A majority of those members of the European Parliament (EP) who voted on this Council Decision opposed it, and so the EP decided to sue the Council before the Court of Justice to annul the decision. The EP won its case, when the Court ruled in September 2012 that the Council Decision had to be annulled.
According to the Court, this Decision should have been adopted as a legislative act, because it addressed issues that affected the human rights of the persons concerned, and regulated the coercive powers of border guards; the Court also clarified that the rules in the Decision on search and rescue and disembarkation were in fact binding. However, the Court maintained the 2010 Decision in force until its replacement by a legislative act.
In spring 2013, the Commission proposed such a replacement act, which has to be adopted by means of the ‘ordinary legislative procedure’, ie a qualified majority vote in the Council (Member States’ ministers) and joint decision-making powers of the European Parliament. This proposal took over much of the text of the Council decision, but also added some further details as regards search and rescue and disembarkation, confirming also that these rules were binding. Like the 2010 Council decision, the proposal is limited to cases where Frontex coordinates Member States’ maritime surveillance.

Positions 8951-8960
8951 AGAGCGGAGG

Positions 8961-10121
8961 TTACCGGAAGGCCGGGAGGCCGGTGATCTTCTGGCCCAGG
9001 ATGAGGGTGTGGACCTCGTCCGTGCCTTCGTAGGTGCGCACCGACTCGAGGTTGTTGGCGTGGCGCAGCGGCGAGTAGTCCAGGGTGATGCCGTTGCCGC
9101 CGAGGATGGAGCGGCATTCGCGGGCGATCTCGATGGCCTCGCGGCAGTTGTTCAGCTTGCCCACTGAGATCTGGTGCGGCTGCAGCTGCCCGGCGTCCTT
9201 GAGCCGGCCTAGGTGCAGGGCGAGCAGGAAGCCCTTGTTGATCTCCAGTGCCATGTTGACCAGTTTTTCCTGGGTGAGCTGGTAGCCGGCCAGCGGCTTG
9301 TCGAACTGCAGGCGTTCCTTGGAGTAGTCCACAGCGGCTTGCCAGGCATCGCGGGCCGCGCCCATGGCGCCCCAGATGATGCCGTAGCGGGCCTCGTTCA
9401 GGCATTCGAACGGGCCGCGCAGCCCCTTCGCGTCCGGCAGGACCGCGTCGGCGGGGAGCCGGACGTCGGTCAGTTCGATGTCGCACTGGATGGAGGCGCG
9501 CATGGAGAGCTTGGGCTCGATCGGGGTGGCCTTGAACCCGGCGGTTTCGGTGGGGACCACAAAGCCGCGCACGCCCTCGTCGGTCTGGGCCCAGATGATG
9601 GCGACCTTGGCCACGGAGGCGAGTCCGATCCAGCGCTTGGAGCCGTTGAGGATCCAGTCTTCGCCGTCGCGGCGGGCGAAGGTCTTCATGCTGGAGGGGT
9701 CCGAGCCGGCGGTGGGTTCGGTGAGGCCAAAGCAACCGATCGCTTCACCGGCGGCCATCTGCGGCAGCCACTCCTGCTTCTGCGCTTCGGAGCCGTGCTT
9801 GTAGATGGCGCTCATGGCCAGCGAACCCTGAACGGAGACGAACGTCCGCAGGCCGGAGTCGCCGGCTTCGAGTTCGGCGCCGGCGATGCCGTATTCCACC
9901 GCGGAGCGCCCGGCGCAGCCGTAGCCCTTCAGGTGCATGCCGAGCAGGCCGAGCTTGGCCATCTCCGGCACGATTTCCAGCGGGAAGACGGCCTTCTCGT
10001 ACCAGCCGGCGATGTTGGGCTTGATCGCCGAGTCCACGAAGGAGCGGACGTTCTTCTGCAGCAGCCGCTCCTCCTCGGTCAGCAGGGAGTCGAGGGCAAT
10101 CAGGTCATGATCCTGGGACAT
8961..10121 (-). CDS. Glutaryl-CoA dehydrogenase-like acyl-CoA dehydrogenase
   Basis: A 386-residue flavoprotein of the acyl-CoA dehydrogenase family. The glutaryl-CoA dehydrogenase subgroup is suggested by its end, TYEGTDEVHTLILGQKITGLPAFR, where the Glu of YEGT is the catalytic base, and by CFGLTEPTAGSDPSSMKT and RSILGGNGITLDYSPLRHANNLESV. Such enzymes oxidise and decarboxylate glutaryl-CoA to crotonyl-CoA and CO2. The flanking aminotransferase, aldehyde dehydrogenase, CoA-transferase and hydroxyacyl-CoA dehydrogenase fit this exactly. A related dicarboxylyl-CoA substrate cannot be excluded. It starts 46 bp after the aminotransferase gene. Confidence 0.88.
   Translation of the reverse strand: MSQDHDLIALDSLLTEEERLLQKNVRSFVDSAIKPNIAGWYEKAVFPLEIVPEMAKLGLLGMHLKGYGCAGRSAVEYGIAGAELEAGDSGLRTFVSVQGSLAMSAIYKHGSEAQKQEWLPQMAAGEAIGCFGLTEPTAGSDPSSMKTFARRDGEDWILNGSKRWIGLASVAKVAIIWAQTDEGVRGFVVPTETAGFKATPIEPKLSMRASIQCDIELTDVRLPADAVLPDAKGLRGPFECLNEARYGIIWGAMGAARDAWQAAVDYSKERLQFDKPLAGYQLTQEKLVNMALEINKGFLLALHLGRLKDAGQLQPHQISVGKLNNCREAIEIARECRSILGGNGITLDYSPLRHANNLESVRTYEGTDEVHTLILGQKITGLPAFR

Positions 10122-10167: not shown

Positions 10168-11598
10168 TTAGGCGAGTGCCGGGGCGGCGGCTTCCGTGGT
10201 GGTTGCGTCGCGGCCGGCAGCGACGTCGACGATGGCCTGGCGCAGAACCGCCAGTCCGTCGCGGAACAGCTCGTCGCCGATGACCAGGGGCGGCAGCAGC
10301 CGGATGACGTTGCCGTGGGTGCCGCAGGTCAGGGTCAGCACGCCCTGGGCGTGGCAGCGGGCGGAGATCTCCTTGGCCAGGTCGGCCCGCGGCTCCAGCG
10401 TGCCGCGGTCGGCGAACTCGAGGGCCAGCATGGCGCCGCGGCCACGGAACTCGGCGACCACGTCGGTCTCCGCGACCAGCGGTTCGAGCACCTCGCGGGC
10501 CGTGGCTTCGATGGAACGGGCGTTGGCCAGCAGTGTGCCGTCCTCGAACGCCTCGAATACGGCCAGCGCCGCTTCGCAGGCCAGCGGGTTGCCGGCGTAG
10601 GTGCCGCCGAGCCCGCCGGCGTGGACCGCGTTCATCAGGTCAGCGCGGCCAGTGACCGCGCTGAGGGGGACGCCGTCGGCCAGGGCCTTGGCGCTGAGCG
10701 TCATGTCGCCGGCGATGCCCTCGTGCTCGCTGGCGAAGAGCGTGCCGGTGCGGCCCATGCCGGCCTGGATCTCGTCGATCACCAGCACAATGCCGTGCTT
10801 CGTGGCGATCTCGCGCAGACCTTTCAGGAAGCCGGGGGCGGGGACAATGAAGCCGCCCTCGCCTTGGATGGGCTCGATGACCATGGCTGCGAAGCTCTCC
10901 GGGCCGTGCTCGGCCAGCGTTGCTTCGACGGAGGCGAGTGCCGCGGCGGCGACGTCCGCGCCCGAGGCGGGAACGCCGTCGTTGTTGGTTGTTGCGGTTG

While the European Parliament is broadly supportive of this proposal, suggesting only modest amendments, a group of Mediterranean Member States opposes the idea of any EU measure containing any detailed binding rules on search and rescue and disembarkation – even though such provisions are the most important rules in the 2013 proposal as regards saving migrants’ lives and their subsequent welfare.
The proposed search and rescue and disembarkation rules